Thom Filicia: I would say emotionally, I was thrilled that they found an exact match because we were shooting for that, and I was thrilled it was me. I was very happy to be that person.

We were able to move quickly. And emotionally, I wanted to do whatever I could do to help my brother, and I would do the same thing for someone else. My experience with the bone marrow transplant is that it wasn’t very complicated or difficult for me and I would do it again. I would do it 10 more times for 10 people I’ve never met. My fear wasn’t for myself. My fear was for my brother, my fear was for his children, for his wife.

The Healthy: Amazing. What was your relationship like with your brother before this when you guys were growing up, and did this experience change it at all?

Thom Filicia: Well, I feel like when I was growing up, my brothers treated me like a pledge in a fraternity. My entire life we were close, and I think that all three of us would do this for each other. There’s no question about that.

When you’re a little kid, you do the blood brothers thing that you thought was so cool when you were a little boy, and this is the ultimate blood brother because it really is your brother—we have the same DNA. It was a really amazing life experience that was also terrifying at the same time. Today we were talking about the new windows that are going into his house in the Hamptons. It is really amazing to think of what we were talking about 10 years ago and what our concerns were 10 years ago. That’s why I think this initiative is so important.

The Healthy: What does your own health routine look like these days?

Thom Filicia: I’m very active. I’m a skier. I play tennis. I’m a maniac. I work a lot. I run a little bit, go to the gym. I’m on my boat all the time, so I’m constantly moving and active and I think I eat pretty healthy. I probably have one too many cocktails from time to time, but I’m kind of a healthy person I think at the end of the day. I try to listen to my body whenever I can and if something’s unusual, I get it checked out.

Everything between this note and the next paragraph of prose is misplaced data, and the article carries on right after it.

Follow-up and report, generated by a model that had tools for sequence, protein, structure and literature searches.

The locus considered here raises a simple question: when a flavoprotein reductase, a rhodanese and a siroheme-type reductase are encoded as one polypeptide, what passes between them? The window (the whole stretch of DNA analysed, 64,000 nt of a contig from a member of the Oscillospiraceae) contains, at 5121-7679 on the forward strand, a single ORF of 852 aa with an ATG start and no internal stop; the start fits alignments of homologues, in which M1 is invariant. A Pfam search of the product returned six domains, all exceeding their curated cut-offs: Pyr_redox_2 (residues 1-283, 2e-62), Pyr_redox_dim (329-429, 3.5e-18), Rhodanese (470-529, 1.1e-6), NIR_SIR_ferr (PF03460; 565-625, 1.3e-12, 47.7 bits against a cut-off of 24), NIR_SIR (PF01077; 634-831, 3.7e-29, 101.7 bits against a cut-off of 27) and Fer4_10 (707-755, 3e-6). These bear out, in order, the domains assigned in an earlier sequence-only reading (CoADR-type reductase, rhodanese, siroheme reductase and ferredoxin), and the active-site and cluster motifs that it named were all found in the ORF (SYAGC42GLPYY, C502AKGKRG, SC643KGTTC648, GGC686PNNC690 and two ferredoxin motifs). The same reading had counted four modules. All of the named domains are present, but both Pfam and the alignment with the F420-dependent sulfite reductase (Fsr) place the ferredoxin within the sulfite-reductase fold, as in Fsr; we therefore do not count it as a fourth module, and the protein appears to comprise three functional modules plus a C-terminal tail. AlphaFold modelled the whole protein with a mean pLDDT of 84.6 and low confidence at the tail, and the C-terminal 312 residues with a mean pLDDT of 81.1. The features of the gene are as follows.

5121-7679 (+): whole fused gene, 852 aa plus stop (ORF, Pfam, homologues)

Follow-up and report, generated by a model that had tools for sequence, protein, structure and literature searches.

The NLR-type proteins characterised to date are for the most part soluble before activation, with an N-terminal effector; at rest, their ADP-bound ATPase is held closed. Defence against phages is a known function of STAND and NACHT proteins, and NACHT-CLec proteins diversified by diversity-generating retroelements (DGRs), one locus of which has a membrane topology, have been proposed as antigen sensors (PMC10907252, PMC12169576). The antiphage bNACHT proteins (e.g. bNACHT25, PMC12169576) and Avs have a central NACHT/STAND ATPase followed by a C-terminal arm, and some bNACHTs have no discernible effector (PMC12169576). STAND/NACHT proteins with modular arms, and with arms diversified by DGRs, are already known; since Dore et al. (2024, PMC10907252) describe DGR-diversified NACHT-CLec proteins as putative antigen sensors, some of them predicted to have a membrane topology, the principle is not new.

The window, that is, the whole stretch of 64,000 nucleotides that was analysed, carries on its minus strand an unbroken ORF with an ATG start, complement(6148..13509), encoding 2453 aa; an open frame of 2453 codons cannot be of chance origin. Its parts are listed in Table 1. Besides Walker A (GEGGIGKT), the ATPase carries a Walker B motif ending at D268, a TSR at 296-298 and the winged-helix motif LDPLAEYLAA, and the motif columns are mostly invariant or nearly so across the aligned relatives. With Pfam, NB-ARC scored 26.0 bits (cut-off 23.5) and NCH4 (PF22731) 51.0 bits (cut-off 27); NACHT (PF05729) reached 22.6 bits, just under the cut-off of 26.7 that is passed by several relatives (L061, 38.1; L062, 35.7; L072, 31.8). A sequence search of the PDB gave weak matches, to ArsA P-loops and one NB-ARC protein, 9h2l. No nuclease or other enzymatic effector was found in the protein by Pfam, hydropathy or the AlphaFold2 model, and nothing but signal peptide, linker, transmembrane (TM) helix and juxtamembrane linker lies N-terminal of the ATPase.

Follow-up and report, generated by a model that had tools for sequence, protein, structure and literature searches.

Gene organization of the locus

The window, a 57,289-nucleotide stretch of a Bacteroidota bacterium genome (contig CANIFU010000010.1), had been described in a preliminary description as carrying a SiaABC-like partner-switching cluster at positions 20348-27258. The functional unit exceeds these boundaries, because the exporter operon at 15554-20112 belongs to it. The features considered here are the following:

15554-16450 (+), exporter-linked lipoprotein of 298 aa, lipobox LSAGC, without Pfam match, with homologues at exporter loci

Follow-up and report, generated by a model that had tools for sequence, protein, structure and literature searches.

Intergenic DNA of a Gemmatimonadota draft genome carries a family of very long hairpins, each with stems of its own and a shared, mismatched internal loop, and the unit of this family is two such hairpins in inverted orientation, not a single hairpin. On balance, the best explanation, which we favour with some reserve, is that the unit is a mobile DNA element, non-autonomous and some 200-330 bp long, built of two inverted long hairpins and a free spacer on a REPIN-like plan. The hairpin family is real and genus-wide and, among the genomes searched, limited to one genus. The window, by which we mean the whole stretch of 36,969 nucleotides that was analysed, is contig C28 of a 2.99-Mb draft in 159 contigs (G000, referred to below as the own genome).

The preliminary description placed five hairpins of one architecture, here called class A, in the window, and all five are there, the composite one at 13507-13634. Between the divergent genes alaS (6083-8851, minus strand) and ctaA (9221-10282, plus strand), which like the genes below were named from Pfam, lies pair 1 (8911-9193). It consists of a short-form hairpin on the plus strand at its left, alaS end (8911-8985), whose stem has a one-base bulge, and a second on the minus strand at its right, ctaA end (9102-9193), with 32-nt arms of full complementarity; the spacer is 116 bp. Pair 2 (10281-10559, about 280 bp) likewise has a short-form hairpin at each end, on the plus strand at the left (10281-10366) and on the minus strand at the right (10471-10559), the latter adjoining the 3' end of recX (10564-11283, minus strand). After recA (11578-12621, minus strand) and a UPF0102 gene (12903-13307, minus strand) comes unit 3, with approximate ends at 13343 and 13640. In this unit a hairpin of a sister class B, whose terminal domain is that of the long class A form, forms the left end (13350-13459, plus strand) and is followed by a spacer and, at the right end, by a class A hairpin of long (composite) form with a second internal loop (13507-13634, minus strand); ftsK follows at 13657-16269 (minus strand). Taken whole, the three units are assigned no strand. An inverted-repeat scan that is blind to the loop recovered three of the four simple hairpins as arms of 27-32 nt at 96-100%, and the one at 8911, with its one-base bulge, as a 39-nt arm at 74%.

This Is the Alcoholic Drink That’s Least Harmful to Your Liver, Says a Liver Doctor

The Healthy: What’s a self-care routine that you refuse to skip?

Thom Filicia: Probably under-eye cream. It’s a low-maintenance commitment. I think when a guy does it especially, it feels like this little luxury moment in the morning.

The Healthy: We love that. Tell us about the Queer Eye reunion live event in two weeks.

Thom Filicia: It’s An Evening with the Fab 5, and it’s on December 16th. It was kind of pitched to us and we all thought it’s a really great excuse for us to get together because we see each other in little pieces here and there, two of us here or two of us there. And sometimes we’re all on the phone together, but we do like to catch up. The thought of having a reason for all five of us to be together is always really a fun reboot, even just for us. We kind of all fall back into where we were in our heads 20 years ago and we start picking on Jay and Carson making jokes about him and his fashion.

The Healthy: I love that. It’s wild to think it was 20 years ago you guys premiered, and then the show won an Emmy in the second year. Looking back, how did the series change your life, and what has changed for you over the past 20 years?

Thom Filicia: I was in the design space living in New York City, and had started my own company about two or three years before Queer Eye. I kept that moving forward while I was doing [the show].

How that’s really changed my life, I think first and foremost being a part of the beginning of that sort of reality programming and the first people to ever win recognition for that space was really amazing. Being a part of a group of people that really sort of changed the conversation and opened up doors for people that maybe those doors weren’t open before was a really important thing that I don’t think we realized we were doing at the time.

Laura Lane
Laura is a journalist, comedy writer, podcaster and co-author of two books, which have both been optioned for television. She's spent over a decade covering celebrities, as well as writing about topics including wellness, travel, politics, fashion, food, sports, tech and entertainment. She has written about her own health journey and is deeply passionate about wellness and nutrition.